Saturday, November 6, 2010

Terra Madre Update

One of the things that Slow Food emphasized to the Terra Madre 2010 delegates was that it is very important bring back the "message" of Terra Madre to our local counterparts in order to build capacity for the movement in our local communities.

I am quite new to Slow Food as an organization. The movement has been around since the 1970's and seems to have a huge following all across Europe, considerable political clout and and some serious government support which enables it to pull off the huge event that is Terra Madre. However, my exposure to the organization is limited to the little bit of volunteering that I have done for events that the Vancouver chapter puts on. I found myself thinking quite a bit during the event and workshops about this "message" we were supposed to be bringing back and proliferating amongst our local communities. After 3 days of intensive workshop sessions, conversations with other farmers/foodies and serious amounts of delicious food samplings it turns out that the "message" of Terra Madre isn't so simple that I can type it into a sentence, or a paragraph, or perhaps even an essay. Even Slow Food themselves have written pages and pages of documentation in order to explain the ideas and opinions of the organization.

From what I gather the "message" of Terra Madre is one of support for a number of important factors surrounding food and agricultural governance, sustainable resource management and ecological agriculture, socially acceptable food and agricultural systems, recognition and support for traditional ecological knowledge and traditional/historical foods. Pretty all encompassing eh? For me, it is still a little unclear how we go about achieving steps towards these reforms in our food system.

If I had to narrow down MY one take home message from the whole event it would be that gatherings of farmers which allow us to converse, share and exchange ideas are possibly the single most important means of social collaboration that we will need to keep us motivated. It is pretty amazing that we had to travel half way around the world to be able to find a time and space that allowed us farmers to openly share our experiences...makes me think that we should try to replicate this type of knowledge exchange more close to home on a more frequent basis (apparently more easier said than done).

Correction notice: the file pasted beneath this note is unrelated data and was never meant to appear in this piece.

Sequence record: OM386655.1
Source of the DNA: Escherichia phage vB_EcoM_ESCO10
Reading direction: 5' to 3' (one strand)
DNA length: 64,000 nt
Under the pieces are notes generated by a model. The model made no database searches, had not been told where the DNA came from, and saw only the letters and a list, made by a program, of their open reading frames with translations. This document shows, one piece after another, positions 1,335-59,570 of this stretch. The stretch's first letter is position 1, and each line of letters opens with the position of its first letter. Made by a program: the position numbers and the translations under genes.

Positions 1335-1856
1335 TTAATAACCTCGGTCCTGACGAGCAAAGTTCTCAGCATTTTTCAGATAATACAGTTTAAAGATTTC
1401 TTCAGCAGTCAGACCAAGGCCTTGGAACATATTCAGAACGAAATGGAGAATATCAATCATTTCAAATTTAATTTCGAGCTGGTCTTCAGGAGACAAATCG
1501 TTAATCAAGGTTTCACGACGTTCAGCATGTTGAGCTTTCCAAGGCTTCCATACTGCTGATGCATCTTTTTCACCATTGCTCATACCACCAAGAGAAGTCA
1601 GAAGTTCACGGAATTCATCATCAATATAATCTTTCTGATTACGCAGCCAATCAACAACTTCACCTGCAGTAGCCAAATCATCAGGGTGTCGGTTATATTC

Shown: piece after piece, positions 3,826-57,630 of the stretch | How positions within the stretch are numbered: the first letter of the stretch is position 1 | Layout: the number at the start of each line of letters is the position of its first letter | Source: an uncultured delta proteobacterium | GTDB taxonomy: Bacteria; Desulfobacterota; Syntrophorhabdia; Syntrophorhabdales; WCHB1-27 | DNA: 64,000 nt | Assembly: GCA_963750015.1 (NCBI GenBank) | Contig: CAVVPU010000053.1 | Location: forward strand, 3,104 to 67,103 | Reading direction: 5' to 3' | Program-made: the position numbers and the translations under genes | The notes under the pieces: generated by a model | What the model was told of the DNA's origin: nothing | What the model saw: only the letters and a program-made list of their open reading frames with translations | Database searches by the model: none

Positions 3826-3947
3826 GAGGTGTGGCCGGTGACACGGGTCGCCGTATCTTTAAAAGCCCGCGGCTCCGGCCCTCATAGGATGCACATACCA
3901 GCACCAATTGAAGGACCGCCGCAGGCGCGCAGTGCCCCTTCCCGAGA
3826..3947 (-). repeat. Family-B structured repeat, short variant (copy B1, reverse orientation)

Terra Madre day is being held on December 10th at the Italian Cultural Center. The delegates from 2010 will be in attendance and we hope to share what we learned from the whole experience with others in the local food community. Perhaps I will have some more concrete thoughts flushed out by that this point I am still recovering from a whirlwind trip and subsequent scramble to catch up at school. Please do consider joining us if you would like to enjoy some delicious food and speak to some folks involved with food and farming.

With that I will leave you with some photos from the Salone del Gusto (overwhelmingly large room of deliciousness that was attached to the actual conference) and a couple of the markets in Venice.


  1. Great summary of a huge movement that could be made more "real" by people who care like all of you joining with others in the Fraser Valley and gaining knowledge and motivation to expand your skills for the future. Have a great time at the event in Vancouver. I hope other farmers will benefit from your global perspective.

  2. Hi there, I just followed the link at I was supposed to go to the salone del gusto in Turin a month ago, but didn't make it! I hope to go next year.